Introduction

• Programming Languages
• Notations for describing computations to people and to machines
• All the software running on all the computers was written in some programming languages
• Before a program can be run, it first must be translated into a form in which it can be executed by a computer
• Compilers
• The software systems that do this translation

The Move to Higher-Level Languages

• The evolution of programming languages
• Machine Languages : Machine instructions(= the patterns of 0’s and 1’s)
• Assembly Langues : ADD t1,t2
• Higher-Level Lanagues : C, C++, Java, Python

Using High-Level Languages is a Free Lunch?

• No
• How can a program written in some high-level language be executed by computer?
• Language translation (additional process) is required

The Major Role of Language Processors

• Language Translation
• Translates source code (e.g., C, C++, Java, Python, …) into semantically-equivalent target code (e.g., Assembly / Machin languages)
• Error Detection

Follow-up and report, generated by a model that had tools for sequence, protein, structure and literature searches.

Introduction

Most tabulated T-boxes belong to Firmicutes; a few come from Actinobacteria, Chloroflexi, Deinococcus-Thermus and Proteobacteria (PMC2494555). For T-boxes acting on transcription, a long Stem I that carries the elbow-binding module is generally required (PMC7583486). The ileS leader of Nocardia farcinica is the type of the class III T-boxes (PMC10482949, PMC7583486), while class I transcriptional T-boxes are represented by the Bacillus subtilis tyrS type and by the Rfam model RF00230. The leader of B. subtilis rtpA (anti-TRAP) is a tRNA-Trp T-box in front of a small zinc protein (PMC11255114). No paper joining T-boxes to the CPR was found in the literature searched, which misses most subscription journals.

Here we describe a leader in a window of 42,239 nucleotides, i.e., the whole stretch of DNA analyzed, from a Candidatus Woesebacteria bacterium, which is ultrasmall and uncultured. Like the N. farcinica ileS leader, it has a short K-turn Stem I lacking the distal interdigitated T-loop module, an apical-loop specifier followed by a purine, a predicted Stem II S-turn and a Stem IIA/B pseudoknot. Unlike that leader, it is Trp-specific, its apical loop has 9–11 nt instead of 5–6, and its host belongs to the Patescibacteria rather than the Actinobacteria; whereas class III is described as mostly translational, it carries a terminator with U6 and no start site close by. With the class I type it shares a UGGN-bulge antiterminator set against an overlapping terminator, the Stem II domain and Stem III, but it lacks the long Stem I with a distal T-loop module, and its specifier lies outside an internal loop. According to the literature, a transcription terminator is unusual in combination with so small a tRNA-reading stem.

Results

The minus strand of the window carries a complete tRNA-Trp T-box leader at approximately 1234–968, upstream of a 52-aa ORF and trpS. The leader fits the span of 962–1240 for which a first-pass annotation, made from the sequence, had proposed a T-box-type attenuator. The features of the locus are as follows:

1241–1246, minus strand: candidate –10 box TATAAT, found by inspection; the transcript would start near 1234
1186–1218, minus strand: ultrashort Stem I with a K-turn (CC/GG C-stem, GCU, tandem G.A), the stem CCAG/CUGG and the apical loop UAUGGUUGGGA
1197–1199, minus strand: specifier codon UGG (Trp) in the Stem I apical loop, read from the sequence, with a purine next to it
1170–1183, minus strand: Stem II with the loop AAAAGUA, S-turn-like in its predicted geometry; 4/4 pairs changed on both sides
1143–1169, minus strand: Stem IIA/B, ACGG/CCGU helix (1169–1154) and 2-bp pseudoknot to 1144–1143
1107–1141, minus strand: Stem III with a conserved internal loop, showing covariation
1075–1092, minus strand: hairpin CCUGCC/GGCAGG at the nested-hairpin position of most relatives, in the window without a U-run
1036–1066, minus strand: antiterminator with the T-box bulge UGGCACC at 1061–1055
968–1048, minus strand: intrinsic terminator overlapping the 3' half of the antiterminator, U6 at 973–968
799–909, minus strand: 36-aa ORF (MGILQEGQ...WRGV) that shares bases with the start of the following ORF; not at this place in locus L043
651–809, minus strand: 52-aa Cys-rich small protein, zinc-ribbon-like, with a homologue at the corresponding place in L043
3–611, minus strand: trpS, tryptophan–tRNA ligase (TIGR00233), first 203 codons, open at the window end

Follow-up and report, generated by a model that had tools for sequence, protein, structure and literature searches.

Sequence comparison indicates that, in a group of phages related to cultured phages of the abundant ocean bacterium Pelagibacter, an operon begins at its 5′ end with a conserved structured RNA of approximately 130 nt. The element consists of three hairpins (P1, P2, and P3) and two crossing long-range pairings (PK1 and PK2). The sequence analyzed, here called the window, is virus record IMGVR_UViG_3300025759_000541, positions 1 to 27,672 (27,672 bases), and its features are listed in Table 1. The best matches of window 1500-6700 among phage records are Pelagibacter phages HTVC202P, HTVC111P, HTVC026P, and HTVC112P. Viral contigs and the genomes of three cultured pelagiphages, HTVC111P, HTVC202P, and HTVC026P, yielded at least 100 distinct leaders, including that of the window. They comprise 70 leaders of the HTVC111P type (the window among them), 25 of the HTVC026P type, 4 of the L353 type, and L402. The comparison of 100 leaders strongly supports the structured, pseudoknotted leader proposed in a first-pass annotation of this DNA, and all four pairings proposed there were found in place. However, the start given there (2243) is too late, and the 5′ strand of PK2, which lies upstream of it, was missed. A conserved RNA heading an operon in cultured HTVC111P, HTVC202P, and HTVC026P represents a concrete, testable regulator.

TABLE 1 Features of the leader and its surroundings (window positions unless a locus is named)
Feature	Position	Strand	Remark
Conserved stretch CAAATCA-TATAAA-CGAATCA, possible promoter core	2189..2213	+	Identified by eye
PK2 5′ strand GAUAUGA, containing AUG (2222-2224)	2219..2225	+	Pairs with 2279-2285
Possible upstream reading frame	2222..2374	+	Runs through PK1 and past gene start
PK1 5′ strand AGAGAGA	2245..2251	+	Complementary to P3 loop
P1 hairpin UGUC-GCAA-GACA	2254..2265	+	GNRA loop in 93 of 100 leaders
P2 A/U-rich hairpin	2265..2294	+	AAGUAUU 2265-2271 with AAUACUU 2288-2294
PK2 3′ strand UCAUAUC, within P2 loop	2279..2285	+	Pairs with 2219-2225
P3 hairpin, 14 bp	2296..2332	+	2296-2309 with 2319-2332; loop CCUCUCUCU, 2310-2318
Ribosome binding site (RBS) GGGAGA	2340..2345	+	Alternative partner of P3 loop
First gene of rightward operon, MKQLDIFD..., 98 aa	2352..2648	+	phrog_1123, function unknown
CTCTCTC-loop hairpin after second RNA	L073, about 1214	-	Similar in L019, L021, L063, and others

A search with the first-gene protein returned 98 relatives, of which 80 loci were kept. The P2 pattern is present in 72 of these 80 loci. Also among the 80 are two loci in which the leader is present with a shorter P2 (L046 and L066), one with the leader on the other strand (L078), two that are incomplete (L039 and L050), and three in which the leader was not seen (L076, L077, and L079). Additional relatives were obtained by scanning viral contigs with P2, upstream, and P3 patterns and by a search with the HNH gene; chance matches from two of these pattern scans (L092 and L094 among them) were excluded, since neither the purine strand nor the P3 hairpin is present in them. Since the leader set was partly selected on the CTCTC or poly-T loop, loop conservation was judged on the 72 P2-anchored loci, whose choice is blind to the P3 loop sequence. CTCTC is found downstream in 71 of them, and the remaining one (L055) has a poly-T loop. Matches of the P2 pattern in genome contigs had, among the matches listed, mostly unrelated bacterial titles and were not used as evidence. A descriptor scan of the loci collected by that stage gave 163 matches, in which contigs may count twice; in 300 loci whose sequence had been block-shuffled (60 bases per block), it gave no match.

• Detects and reports any errors in the soruce program duting the translation process

Two Representative Strategies

Compilation Interpretation
What to translate An entire source program One statement of a source program
When to translate Once before the program runs Every time when the statement is executed
Translation Result A target program (equivalent to the source program) Target code (equivalent to the statement)
Examples C, C++ Javascript
• Compilation:
• Pros: Runs faster, Optimized, No dependencies
• Cons: Additional Step, Incompatibility issue, Hard to Debug
• Interpretation:
• Pros: Execution Control, Cross Platform, Easier to Debug
• Cons: Slower, Not Optimized, Dependencies file rquired
• Hybrid Compilers:
• Combine compilation and interpretation (e.g., Java, Python)

Common Language-Processing Systems

• source program -> Preprocessor - (modified source program) -> Compiler - (target assembly program) -> Assembler - (relocatable machine code) -> Linker/Loader -> target machine code

Requirements for Designing Good Compilers

• Correctness (Mandatory)
• Performance Improvment (Optional)
• Reasonable Compilation Time (Optional)

Structure of Modern Compilers

• Modern compilers preserve the outlines of the FORTRAN I compiler
• The first compiler, in the last 1950s
• source program -> Lexical Analyzer -> Syntax Analyzer -> Semantice Analyer -> Intermeidate Code Generator -> Code Optimizer -> Code Generator

Lexical Analyzer (Scanner)